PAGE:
Even with the relentless spotlight on the Affordable Care Act, a new health issue is edging toward center stage: drug costs. The poster drug for this controversy is Sovaldi, a dramatically effective and extraordinarily expensive new agent for treating hepatitis C, which causes chronic liver infection.
The hepatitis C virus is smoldering, often without symptoms, in an estimated 3.2 million Americans. Over time, it can cause cirrhosis, liver failure, and liver cancer. At Sovaldi’s current price of $84,000 per course, treating all infected Americans would cost more than $250 billion, about what we spend annually on all other prescription drugs combined ($263 billion). These costs likely would not be incurred in a single year, and price competition may bring them down as similar new drugs come on the market. But the prospect of spending so much on a single agent for a single condition has galvanized concern over future drug costs.
That concern is justified. Historically, increasing pharmaceutical expenditures have helped drive up overall health care costs. As the figure below suggests, drug spending increased rapidly in the 1990s, peaking at 15 percent annually in 2000. In recent years, drug spending levels have ebbed, reflecting a fall-off in new products and the substitution of generics for blockbusters going off patent.
The lull appears to have ended. For years, scientists and analysts have predicted that biomedical breakthroughs would spawn an explosion of expensive new agents that are tailor-made to counter the underlying causes of disease, genetic and otherwise. It turns out, for example, that even a relatively rare genetic disorder like cystic fibrosis (CF) is not one disease, but many, each caused by a unique genetic abnormality. Scientists can dramatically improve treatment if they develop drugs that specifically correct the different problems created by each genetic defect. This approach is sometimes called personalized medicine. In fact, it might be more accurately called scientific design. It substitutes laser-guided attacks on disease for the traditional approach, which is more like carpet bombing.
The clinical results can be dramatic, enhancing both length and quality of life, but the costs are also eye-popping. Kalydeco, the first CF drug targeting a specific underlying genetic defect, will cost $294,000 a year for each of the 1,200 patients who will benefit—out of about 30,000 with CF in the U.S.—for a total cost of $353 million annually. Already, state Medicaid programs and insurers are balking at the costs of both Sovaldi and Kalydeco. The nation’s total prescription drug bill grew a whopping 12 percent over the 12-month period ending May 2014, according to the Altarum Institute.
The obvious question is why drug companies are charging such seemingly exorbitant amounts for these new products. One reason is because they can. Their patents grant them a monopoly on life-saving treatments. A second reason is that, because the drugs are so precisely targeted, they may benefit relatively small numbers of patients. Companies claim they have to charge more per user to recoup the costs of drug development. Nevertheless, critics argue that prices are higher than needed to make back those costs plus a healthy profit. Gilead Science, which makes Sovaldi, is reporting net income approaching $6 billion for the first half of 2014—four times what it earned during the same period a year ago.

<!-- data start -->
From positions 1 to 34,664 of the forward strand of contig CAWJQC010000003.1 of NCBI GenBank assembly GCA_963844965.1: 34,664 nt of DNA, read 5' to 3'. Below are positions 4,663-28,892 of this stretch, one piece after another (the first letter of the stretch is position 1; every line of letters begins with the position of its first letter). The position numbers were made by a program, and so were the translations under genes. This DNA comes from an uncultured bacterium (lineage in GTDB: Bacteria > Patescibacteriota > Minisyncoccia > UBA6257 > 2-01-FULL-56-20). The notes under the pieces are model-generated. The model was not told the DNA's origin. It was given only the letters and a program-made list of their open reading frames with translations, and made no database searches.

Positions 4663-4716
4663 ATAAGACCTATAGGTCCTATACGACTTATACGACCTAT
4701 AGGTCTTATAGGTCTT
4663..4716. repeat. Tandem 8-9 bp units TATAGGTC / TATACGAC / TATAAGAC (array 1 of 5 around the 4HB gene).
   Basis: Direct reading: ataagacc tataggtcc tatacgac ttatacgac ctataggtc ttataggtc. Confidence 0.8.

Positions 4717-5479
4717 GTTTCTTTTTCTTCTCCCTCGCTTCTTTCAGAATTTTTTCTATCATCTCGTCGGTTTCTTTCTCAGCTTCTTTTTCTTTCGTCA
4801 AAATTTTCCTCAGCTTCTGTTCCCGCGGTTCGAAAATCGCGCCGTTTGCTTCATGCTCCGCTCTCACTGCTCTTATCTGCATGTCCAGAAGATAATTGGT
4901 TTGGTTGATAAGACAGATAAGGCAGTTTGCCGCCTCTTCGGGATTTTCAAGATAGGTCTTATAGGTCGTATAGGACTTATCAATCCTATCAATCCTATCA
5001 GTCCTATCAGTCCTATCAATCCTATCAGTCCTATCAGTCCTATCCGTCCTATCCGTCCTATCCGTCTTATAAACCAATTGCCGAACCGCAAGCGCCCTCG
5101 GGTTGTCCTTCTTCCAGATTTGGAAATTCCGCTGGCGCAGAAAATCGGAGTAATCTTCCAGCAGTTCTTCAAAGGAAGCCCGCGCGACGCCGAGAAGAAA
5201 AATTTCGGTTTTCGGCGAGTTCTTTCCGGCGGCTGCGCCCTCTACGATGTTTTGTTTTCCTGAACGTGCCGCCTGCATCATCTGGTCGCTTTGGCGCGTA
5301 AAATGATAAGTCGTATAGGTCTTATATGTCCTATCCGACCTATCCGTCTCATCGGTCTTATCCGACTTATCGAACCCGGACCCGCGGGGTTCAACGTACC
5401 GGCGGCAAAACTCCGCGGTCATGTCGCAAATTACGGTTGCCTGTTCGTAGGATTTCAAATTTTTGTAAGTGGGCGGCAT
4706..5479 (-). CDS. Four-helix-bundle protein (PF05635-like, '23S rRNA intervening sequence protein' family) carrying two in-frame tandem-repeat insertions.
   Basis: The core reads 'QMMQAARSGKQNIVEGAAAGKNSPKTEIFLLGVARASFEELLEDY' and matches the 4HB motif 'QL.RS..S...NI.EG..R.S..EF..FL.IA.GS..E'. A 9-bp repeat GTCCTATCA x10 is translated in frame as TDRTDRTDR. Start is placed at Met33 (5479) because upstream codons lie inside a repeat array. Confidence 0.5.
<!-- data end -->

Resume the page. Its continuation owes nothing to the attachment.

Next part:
In any case, if more and more of these drugs come on line, the aggregate expense of providing them to eligible patients seems likely to skyrocket. This would create huge new challenges in balancing high health care costs against other pressing societal imperatives, such as education, housing, transportation infrastructure, and the very research and development that has spawned the new treatments.
To prepare for this impending challenge, a number of options exist.
First, comparative effectiveness research to assess the added value of new agents will be essential. Some will have near-miraculous effects, but others will not add much to existing care.
Second, we must find ways to make new treatments affordable, and to prevent drug manufacturers from earning extraordinary profits using the monopoly powers granted them under current patent law. As priced now, a string of Sovaldis and Kalydecos could force reconsideration of the extent and duration of today's patent protections.
Third, and relatedly, the Food and Drug Administration (FDA) needs to do everything it can to ensure that less expensive alternative drugs become available as soon as possible. In this regard, the FDA has been slow to establish a regulatory pathway for generic and “bio-similar” alternatives to new biological products that constitute some of the specialized pharmaceuticals coming on the market. These biological products can be complex molecules—such as antibodies—produced by reengineered living organisms. Even when patents expire, imitating the original compound can be tricky and requires new, more subtle regulations. European countries have developed these regulatory pathways, but the United States has not.
Fourth, the U.S. health system must redouble efforts to eliminate the wasteful practices that drive up our health care spending and make it more difficult to afford the potent new treatments flowing from our biomedical research enterprise. With the advent of these new agents and the trade-offs they demand, a dollar wasted on unnecessary or ineffective care could mean life-saving or life-altering treatment denied another patient.
Tough as it is, having highly effective but expensive new treatments is a good problem to have. These drugs mean longer, better lives for humans the world over. We need to foster competitive markets and public policies that enable us to benefit from the research triumphs that are finally coming our way.